The starting puzzles of this paper are two constraints on long-distance binding in Mandarin out of purpose clauses headed by qu 'go' or lai 'come'. First, long-distance binding is universally impossible out of purpose clauses headed by qu 'go'; this is argued to follow from a clash between the obligatory de se reading of the long-distance anaphor ziji 'self' (Pan 1997) and the impossibility of de se readings within the scope of qu. Second, long-distance binding is possible out of clauses headed by lai 'come' only if the binder is 3rd person. This latter puzzle is argued to be an instance of a more general Disjoint Reference Condition (DRC), which blocks ziji within the scope of lai/qu from being co-referent with lai/qu's "affected entity" hidden variable (an individual that is implicated to be affected by the purposive event within the scope of lai/qu). The DRC is analyzed as an instance of local binding (Heim 1994, Fox 2000), where the more local affected entity must bind ziji when it co-refers with the long-distance antecedent, even though such a configuration violates ziji's subject-orientation. It is demonstrated that the original lai puzzle can be understood as a violation of the DRC, once the empathic perspectival center of the sentence is syntactically represented. Finally, the local-binding account for the DRC is shown to correctly make more general predictions regarding long-distance binding blocking.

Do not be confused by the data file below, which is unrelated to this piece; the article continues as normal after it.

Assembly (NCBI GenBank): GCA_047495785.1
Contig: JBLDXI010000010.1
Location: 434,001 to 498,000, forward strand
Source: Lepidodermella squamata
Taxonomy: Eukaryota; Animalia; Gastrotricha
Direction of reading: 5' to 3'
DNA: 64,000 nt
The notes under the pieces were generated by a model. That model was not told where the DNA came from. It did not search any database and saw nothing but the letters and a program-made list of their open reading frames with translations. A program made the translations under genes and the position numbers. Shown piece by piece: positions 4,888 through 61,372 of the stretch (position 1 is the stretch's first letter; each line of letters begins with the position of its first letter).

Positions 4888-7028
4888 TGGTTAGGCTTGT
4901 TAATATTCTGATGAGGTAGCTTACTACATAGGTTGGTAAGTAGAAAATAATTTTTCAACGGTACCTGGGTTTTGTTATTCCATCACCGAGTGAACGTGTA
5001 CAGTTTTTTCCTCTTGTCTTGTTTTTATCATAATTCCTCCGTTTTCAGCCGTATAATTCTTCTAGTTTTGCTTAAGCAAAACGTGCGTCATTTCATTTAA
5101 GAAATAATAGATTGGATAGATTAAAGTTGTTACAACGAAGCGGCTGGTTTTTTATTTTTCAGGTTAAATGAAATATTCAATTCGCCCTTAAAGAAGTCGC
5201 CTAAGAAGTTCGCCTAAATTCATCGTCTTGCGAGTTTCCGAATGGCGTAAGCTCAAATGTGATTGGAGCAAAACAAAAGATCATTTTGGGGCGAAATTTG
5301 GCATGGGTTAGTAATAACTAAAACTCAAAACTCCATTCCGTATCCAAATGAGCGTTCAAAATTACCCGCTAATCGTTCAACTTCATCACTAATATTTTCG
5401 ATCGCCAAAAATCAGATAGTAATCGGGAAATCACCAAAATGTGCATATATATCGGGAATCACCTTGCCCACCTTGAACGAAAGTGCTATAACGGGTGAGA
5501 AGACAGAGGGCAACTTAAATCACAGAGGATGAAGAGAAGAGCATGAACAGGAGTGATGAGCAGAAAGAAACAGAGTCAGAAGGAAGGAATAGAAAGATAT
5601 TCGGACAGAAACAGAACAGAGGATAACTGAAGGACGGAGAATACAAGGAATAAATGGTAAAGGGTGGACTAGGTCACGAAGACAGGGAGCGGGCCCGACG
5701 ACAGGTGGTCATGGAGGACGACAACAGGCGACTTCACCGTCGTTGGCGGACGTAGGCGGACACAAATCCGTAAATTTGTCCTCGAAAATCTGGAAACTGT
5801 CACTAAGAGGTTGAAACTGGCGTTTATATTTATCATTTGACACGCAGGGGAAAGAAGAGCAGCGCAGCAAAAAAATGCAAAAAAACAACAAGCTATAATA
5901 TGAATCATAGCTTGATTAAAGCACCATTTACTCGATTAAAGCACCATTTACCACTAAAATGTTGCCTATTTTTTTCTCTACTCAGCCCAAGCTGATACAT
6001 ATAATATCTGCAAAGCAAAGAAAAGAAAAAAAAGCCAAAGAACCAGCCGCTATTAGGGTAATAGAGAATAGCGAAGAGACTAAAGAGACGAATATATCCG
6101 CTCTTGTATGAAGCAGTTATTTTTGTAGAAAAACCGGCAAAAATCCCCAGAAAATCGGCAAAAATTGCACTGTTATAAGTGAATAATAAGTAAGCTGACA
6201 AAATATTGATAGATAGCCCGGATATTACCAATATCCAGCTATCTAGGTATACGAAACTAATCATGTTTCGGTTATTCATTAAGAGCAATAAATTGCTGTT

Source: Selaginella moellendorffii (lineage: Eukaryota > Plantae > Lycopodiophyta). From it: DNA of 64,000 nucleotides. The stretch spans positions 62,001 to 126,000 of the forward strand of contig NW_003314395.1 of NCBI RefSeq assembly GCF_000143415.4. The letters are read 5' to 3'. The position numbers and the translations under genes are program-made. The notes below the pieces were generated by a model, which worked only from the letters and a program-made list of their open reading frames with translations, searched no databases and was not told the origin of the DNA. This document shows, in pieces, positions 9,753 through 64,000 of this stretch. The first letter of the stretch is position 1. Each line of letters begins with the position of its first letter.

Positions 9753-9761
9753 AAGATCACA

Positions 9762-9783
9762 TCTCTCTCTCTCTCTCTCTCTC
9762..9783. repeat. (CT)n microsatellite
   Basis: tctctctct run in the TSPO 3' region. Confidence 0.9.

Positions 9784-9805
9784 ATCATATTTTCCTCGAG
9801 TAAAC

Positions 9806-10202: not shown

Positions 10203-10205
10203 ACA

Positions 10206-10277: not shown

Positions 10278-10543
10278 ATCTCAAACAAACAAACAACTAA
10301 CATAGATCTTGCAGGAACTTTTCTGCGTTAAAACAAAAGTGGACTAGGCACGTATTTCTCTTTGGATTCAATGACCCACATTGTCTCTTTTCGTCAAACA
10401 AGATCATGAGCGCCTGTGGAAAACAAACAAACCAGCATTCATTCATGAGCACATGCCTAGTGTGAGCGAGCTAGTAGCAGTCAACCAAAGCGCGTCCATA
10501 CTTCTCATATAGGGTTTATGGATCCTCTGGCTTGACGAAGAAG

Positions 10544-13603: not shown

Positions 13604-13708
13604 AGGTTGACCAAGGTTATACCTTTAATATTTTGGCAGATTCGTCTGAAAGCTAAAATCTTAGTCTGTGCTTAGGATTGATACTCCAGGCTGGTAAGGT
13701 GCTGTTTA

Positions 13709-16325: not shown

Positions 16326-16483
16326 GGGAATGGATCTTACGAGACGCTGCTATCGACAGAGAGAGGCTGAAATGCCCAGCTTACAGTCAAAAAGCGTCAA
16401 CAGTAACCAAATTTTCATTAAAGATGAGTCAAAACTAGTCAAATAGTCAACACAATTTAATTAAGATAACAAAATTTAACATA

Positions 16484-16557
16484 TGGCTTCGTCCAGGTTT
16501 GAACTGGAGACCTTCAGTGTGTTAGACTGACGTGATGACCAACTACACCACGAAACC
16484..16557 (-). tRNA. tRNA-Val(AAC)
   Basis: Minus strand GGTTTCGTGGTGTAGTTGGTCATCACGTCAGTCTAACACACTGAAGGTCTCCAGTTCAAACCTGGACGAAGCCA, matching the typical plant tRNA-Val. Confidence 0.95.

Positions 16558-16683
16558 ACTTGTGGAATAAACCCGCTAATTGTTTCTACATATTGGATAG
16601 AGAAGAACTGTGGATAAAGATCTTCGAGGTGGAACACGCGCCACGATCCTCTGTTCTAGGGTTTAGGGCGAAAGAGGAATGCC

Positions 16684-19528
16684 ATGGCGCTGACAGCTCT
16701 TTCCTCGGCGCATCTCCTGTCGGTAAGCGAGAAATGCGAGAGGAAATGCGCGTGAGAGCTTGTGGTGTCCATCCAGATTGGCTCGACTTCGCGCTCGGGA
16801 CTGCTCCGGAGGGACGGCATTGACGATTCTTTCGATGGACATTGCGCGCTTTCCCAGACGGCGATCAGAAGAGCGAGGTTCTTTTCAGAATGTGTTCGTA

Proceedings of the 24th West Coast Conference on Formal Linguistics
edited by John Alderete, Chung-hye Han, and Alexei Kochetov
Table of contents